J Fondrevay: And you, you, you raise a really good point and that's one of the things I highlight when talking about process in my consultancy is at the same time you're talking to the lawyer and the accountant, envision what, what's the desired future state? Why are you bringing these companies together and what's the organizational structure that's going to help you be successful? You got to have that conversation before you even announce the deal because you have to think that through.
Ryan Tansom: Yeah. In what context are you thinking of from the. Are you mainly from the buy side, this side or like we're like, who were you thinking of when you were talking? Is it both sides?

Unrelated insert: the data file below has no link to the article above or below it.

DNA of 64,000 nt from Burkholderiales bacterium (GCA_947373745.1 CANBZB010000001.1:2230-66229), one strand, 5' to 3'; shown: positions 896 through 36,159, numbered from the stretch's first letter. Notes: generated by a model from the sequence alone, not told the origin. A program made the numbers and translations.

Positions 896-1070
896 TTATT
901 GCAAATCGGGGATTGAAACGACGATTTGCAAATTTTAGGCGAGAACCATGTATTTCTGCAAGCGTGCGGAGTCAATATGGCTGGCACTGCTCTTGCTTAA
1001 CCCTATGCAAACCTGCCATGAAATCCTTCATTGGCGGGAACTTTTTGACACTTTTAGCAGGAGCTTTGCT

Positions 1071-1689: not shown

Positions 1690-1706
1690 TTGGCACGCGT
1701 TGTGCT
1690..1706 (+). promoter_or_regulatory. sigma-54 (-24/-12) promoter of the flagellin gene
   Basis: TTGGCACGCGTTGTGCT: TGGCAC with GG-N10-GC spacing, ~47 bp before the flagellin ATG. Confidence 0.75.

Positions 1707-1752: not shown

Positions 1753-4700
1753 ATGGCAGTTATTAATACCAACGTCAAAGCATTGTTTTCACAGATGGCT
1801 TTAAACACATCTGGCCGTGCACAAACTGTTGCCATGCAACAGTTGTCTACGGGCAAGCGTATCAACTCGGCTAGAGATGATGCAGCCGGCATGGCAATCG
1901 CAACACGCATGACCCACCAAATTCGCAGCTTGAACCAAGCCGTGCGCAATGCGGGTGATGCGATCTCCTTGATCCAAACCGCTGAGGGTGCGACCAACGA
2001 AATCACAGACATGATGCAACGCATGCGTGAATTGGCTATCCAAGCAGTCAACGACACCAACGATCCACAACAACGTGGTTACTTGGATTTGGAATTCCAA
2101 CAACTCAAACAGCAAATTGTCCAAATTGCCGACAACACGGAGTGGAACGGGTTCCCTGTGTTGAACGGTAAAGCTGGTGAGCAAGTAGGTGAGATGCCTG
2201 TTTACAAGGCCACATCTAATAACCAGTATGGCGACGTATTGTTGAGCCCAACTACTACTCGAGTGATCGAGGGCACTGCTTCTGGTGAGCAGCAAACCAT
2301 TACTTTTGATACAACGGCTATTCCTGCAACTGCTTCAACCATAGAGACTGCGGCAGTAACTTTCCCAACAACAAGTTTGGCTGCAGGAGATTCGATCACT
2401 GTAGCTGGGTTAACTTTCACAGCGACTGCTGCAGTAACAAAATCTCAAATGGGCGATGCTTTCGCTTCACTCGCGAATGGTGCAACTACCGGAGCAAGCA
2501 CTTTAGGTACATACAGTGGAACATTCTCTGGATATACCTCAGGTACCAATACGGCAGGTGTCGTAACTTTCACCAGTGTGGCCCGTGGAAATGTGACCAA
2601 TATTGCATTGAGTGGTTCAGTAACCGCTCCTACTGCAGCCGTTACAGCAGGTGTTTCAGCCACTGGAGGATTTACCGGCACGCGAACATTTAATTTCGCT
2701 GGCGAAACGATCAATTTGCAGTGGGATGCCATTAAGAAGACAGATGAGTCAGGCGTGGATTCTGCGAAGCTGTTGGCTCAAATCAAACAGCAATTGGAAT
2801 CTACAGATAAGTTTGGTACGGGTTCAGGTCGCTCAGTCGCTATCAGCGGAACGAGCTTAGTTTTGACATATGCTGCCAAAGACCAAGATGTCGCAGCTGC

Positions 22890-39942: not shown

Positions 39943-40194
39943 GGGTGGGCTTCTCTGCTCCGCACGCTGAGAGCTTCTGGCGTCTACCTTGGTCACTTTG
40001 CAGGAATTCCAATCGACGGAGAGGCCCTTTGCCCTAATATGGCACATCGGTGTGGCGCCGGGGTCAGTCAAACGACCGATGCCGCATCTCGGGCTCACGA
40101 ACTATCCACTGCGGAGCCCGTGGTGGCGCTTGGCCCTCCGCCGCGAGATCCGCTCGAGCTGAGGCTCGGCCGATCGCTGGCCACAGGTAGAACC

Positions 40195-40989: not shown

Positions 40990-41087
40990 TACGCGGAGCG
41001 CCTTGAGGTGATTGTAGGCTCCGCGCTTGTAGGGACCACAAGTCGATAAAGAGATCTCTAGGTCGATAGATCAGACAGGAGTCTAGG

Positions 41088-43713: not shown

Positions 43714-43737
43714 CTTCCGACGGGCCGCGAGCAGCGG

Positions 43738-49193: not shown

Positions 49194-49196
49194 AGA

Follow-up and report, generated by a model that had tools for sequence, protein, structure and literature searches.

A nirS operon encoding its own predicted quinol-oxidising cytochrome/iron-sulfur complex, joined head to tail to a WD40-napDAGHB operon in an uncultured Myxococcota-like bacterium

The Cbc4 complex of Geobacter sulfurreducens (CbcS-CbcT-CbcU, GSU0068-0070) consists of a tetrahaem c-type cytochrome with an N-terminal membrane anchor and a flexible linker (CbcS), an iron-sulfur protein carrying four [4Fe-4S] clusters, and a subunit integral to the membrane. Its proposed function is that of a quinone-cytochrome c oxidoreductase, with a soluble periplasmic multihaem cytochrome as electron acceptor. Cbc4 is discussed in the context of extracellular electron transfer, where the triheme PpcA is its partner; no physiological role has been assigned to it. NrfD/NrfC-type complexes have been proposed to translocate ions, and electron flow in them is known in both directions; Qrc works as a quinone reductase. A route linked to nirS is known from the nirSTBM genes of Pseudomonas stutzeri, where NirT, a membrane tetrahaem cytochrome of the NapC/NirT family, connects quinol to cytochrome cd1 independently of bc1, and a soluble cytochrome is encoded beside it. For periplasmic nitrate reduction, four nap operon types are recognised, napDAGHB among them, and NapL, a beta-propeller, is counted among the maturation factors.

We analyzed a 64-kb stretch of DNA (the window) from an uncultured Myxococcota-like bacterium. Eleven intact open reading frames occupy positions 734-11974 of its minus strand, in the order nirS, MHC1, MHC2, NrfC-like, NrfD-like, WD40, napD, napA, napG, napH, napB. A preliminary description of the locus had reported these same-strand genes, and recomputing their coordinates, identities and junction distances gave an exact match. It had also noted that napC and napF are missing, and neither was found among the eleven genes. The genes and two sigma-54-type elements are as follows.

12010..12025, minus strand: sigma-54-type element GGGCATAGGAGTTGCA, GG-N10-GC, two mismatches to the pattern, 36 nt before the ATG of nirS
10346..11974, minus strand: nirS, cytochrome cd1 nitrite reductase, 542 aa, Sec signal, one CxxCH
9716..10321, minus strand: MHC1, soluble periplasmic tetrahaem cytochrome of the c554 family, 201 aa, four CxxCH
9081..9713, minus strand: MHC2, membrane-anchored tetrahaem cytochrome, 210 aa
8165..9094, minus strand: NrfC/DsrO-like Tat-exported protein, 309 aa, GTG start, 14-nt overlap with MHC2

J Fondrevay: It's honestly both sides, but you know, uh, the, the other thing, because I do, it's the, what are the challenges and issues. I think the knee-jerk reaction is always to go to, to culture and right. I've described the one, I see consistently. Culture is tough and yet I think the tough part about it is executives... It's almost like culture's touchy-feely and it's an HR issue and, and people really don't appreciate culture when you accompany culture merging that with another or integrating it with another, that's a complex comprehensive process. And if you don't think that through, you're going to have two groups of people at odds, right? My, my HBR article, um, which again, I'm, I'm so thrilled that HBR published it because it is a very different take, as you said, on M&A. and the thing that I highlighted was the us and them dynamic. The us and them dynamic, you have it between two companies, but you can also have an us and them dynamic between the executives and the front line leaders. So let's say, you know, obviously let's assume within the company you all got along, everything was great, super, you know the company's doing well. Suddenly though in a merger and acquisition scenario, the frontline leaders, you know, the trust dissolves quickly because the perception is that the executives are making off, but that the frontline leaders are left holding the bag and having to execute. And whether that actually happens or not, that is the perception. What? You knew that this was happening and now it's going to impact my life, do I even have a job? What's going to happen to me? So almost overnight there's an us and them dynamic that occurs between executives and frontline leaders and then the third dynamic is who stays versus who goes. So you'll have people who get laid off and and people who are assuming they're going to be laid off next. All of that hinders productivity. So it's just, it's, it's why I say M&A by nature is messy. You've got a lot of us and them dynamics that happens on multiple fronts and that's why in my article I go into, but you can. There's ways to minimize this through thoughtful preplanning focused on people.